Undergraduate Student

3A Applied Mathematics, 
Biology Option, Co-op

Favourite Co-op Job:
Computer science course developer, David R. Cheriton School of Computer Science, Waterloo

Kingston, ON

UWaterloo Hip Hop club, intramural handball, intramural volleyball, co-editor for Conrad Grebal residence newspaper, and Math ambassador

Chrissy is a third year Applied Mathematics co-op student at the University of Waterloo. Always interested in the applications of mathematics to the real world, Chrissy has found a perfect fit for her in the Applied Mathematics program. Through co-op, Chrissy has been able to experience first hand the applications of classroom learning to a variety of real world situations.

Why Waterloo?

The University of Waterloo has kind of been a family tradition for me. I am part of the second generation of my family to come to Waterloo and the third person total. Although this was a big pull factor for me, I also loved the “togetherness” and the community feel of campus from the second I arrived. Two big factors in my decision to come the University of Waterloo were the co-op program and the math programs offered here. The co-op program is one of a kind and it’s reputation really stood out to me. Not many other universities even offer a BMath, and that was really important to me.

Why did you pick your program? How did you know it was right for you?

I’ve always loved math but I wanted to apply what I learned to other fields and not just do math for the sake of doing math. I wanted to see how math could apply to the world around us, so Applied Mathematics was a perfect fit for me.

I know that it was the right choice for me because I’m in third year and I still get excited about what we are learning. I still love teaching others why math is great.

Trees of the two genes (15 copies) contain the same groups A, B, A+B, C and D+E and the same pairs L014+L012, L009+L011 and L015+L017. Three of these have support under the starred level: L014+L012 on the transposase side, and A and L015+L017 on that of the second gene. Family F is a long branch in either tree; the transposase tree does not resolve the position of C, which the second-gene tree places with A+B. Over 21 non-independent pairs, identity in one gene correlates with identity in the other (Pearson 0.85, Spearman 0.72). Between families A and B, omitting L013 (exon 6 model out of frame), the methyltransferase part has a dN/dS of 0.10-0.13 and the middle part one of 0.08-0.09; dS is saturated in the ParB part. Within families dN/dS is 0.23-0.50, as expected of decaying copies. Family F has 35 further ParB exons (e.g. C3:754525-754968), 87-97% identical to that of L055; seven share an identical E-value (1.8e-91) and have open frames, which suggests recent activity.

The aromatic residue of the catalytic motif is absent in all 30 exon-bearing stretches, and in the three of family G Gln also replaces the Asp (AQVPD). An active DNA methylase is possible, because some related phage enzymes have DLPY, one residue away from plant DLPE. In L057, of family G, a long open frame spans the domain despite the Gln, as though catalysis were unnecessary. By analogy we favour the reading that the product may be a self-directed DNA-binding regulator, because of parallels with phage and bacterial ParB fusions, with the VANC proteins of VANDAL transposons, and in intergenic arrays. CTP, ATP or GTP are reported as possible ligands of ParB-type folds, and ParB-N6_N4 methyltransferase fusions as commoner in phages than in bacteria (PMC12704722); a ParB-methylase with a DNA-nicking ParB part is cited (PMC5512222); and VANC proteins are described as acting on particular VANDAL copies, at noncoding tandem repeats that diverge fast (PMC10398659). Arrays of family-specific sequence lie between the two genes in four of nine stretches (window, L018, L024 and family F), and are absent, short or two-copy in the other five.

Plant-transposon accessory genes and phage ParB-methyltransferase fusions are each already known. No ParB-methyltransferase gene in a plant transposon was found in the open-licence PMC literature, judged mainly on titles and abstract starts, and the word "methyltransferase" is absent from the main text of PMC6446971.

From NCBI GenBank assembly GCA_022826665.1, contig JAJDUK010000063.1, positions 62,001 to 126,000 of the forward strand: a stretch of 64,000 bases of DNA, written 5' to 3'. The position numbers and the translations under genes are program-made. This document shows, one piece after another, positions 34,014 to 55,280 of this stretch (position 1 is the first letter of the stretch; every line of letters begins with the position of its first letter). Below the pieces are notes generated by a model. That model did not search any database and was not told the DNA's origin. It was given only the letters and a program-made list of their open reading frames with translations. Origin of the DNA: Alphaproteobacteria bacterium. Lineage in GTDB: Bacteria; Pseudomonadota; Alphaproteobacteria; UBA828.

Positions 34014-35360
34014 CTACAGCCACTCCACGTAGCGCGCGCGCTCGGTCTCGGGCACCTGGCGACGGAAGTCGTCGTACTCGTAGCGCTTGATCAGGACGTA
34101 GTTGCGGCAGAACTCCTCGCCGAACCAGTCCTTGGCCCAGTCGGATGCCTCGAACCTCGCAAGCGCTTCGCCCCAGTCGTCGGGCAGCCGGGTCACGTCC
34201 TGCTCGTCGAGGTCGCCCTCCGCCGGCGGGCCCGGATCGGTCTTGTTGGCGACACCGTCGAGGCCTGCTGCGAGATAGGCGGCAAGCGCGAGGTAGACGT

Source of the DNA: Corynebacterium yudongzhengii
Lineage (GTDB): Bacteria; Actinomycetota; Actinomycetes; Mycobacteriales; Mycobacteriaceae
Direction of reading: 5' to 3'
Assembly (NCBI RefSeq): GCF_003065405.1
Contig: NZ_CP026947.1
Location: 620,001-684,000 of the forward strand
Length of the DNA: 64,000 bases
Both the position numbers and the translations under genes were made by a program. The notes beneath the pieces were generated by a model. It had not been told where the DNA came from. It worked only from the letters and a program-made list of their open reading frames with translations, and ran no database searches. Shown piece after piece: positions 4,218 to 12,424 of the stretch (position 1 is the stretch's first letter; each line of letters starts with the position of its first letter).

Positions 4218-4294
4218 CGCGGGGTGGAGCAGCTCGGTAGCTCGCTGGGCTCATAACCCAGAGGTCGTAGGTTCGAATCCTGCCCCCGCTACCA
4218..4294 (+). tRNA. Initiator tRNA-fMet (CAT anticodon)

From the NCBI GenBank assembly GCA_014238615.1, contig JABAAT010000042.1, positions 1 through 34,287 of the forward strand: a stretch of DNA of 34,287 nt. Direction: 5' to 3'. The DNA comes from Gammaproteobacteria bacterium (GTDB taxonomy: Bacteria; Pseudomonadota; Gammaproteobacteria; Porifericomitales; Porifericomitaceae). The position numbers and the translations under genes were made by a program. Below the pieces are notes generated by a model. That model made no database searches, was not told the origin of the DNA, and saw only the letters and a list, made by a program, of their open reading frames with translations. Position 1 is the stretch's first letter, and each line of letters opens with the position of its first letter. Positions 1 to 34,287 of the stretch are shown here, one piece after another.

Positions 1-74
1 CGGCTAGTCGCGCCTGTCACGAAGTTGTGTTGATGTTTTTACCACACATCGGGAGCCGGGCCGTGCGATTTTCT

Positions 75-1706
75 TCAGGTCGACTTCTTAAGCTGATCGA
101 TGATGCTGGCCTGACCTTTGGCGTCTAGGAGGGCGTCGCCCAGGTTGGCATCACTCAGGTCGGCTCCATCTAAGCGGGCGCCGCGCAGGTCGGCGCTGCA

What is your favourite thing about co-op?

My favourite thing about co-op is the new people that you meet. First off it's great for networking and finding future jobs, maybe future co-op terms or maybe even after university. It's also really good for learning different work methods, different skills, and how to apply them to the knowledge you learn in the classroom. I find (especially being in math), that sometimes it's hard to relate what you're doing in lectures to what you will be doing in your career in the real world. But co-op is an introduction to how to apply all of these skills to the work force and to new experiences. 

What is one thing you wish you knew before your first co-op?

Before my first co-op, I wish I would have known some tricks to be productive throughout the workday. I had never had a full time office job before, and as a student we work rather sporadically at varying intensities. On co-op, you're expected to be productive for eight hours a day, and that was very difficult for me at first. I wish I had known all of the services available to me as well. Going into co-op I felt like a gold fish in the ocean, all by myself. But after a while, I struggled to learn that I was in a whole school of fish that were in the same situation, and there was a lot of guidance if we needed any help, with almost anything co-op related. 

What is your plan for after university?

After university, I would like to explore Applied Mathematics in different places and research around the world. The job opportunities are limitless, and I want to get out there and see how we can apply mathematics all over the globe.

What advice do you have for new co-op students?

To new co-op students, I would advise them that there might look like there is a lot of work, but it is all manageable on top of school work. If you devote a little bit of time every week to doing something towards your co-op, like volunteering to put on your resume, looking at interview tips, or getting someone to critique your resume, then you'll be a step ahead when it comes to the job search. Resources are available throughout the year, and I would strongly recommend you use them. The staff at the Co-operative Education and Career Action (CECA) are extremely friendly, and you'll never know everything they have to offer in terms of knowledge and advice if you never go find out. It's an extremely underused resource that prepares you for the real world.

University of Waterloo

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